Obviously, that day has come. The reason is 3D.

Regular readers will know I caved to imminently-obsolete technology back in April and bought a 3D-capable 4K TV (I wrote about it here). Long story short, the third and fourth Transformers movies were shot in 3D and are well-praised on the format. So after I rewatched the third in 3D and enjoyed it more than I remembered, the fourth called.

Here come the Transformers... again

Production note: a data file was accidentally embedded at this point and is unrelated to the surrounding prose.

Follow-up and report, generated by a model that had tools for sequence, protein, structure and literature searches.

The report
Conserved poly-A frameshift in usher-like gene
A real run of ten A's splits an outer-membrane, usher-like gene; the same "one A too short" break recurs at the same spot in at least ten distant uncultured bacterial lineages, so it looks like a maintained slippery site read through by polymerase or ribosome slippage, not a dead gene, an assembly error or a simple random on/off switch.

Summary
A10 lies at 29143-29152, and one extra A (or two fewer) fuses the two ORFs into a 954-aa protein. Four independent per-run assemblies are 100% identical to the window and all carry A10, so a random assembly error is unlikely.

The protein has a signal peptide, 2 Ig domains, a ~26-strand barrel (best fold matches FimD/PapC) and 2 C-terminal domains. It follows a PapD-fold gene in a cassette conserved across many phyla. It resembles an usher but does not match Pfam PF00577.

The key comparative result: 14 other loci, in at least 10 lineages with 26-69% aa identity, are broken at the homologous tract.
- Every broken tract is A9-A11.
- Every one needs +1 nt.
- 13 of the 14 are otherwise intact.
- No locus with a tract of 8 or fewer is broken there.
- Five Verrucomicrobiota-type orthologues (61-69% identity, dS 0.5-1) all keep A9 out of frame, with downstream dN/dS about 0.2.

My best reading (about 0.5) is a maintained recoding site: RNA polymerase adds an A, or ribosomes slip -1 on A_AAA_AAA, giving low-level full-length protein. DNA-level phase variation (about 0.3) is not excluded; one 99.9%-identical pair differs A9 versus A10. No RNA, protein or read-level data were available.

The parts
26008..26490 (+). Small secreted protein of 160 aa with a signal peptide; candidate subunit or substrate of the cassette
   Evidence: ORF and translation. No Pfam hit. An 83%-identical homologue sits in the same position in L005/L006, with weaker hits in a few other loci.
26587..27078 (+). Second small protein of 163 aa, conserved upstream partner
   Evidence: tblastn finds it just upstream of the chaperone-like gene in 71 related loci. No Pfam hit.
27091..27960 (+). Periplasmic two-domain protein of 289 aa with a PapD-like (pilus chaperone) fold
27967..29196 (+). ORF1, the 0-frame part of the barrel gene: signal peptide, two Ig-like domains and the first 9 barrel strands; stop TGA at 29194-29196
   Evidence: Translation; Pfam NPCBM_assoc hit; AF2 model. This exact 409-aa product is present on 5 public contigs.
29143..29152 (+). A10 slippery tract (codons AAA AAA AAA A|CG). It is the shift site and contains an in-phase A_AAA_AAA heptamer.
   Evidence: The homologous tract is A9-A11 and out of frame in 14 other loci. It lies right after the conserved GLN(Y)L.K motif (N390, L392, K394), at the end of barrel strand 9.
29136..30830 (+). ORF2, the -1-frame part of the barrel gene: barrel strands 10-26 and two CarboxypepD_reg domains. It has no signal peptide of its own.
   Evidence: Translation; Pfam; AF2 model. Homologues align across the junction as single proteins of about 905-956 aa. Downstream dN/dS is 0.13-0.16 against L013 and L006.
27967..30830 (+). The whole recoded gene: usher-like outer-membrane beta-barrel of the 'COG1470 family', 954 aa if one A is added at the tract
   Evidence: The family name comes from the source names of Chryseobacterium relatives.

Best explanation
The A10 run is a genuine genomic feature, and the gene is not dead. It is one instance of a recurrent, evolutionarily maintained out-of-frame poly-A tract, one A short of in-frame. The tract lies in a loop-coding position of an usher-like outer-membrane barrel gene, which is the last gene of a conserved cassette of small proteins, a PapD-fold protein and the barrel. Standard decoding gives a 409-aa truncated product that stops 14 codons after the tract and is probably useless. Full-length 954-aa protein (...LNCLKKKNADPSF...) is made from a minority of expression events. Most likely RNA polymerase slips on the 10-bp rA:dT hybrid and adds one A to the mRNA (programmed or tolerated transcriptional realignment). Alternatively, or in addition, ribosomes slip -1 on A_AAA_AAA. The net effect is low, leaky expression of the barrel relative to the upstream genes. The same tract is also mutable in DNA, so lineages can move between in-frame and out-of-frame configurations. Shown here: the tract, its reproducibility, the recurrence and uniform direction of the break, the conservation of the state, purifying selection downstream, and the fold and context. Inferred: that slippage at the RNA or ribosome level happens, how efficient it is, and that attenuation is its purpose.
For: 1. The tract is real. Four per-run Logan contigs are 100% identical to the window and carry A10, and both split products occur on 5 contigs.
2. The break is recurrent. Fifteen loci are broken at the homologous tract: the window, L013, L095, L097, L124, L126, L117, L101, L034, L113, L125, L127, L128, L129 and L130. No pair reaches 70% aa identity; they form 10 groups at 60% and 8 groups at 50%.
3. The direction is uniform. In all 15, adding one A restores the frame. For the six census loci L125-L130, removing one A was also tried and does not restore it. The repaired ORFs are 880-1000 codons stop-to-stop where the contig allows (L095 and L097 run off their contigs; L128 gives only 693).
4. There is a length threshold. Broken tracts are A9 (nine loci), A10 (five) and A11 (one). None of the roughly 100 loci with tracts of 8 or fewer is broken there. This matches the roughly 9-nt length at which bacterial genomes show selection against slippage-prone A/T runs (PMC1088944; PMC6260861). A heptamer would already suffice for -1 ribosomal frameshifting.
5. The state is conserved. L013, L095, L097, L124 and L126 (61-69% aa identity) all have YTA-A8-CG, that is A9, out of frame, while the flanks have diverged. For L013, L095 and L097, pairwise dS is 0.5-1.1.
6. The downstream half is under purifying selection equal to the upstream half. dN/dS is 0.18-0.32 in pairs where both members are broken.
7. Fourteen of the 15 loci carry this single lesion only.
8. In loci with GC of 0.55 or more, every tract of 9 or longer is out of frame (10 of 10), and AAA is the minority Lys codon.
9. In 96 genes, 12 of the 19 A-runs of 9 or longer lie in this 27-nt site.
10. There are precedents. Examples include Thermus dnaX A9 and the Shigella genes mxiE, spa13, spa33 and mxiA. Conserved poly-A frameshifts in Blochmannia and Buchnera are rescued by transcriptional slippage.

On a purely technical level, Age of Extinction is a masterpiece. As well as 3D, significant chunks of the film were shot for IMAX, and the IMAX 3D stuff is incredible. Sometimes director Michael Bay uses it for just regular scenes, like Mark Wahlberg driving his truck or walking around an old theatre, and even those bits are a riot of depth and dimensionality. So when it opens out to show wide scenery, or for the action sequences… wow! And Bay chooses to use IMAX, like, all the time — as I said, for low-key regular stuff as well as the “epic” stuff you know it’s made for — so much so that it’s kinda weird they didn’t just shoot the whole movie in an expanded aspect ratio. (There are at least three aspect ratios used. I believe the fifth movie has five or more.) Some people hate shifting aspect ratios on Blu-ray, finding it odd when the screen suddenly fills up. Age of Extinction has the opposite effect, feeling odd when black bars appear to make it 2.40:1 for the odd shot here or there. Personally I love a shifting aspect ratio, but generally that’s because it’s the expansive IMAX stuff intruding now and then to impressive effect — when it does the opposite, it has a lessening effect.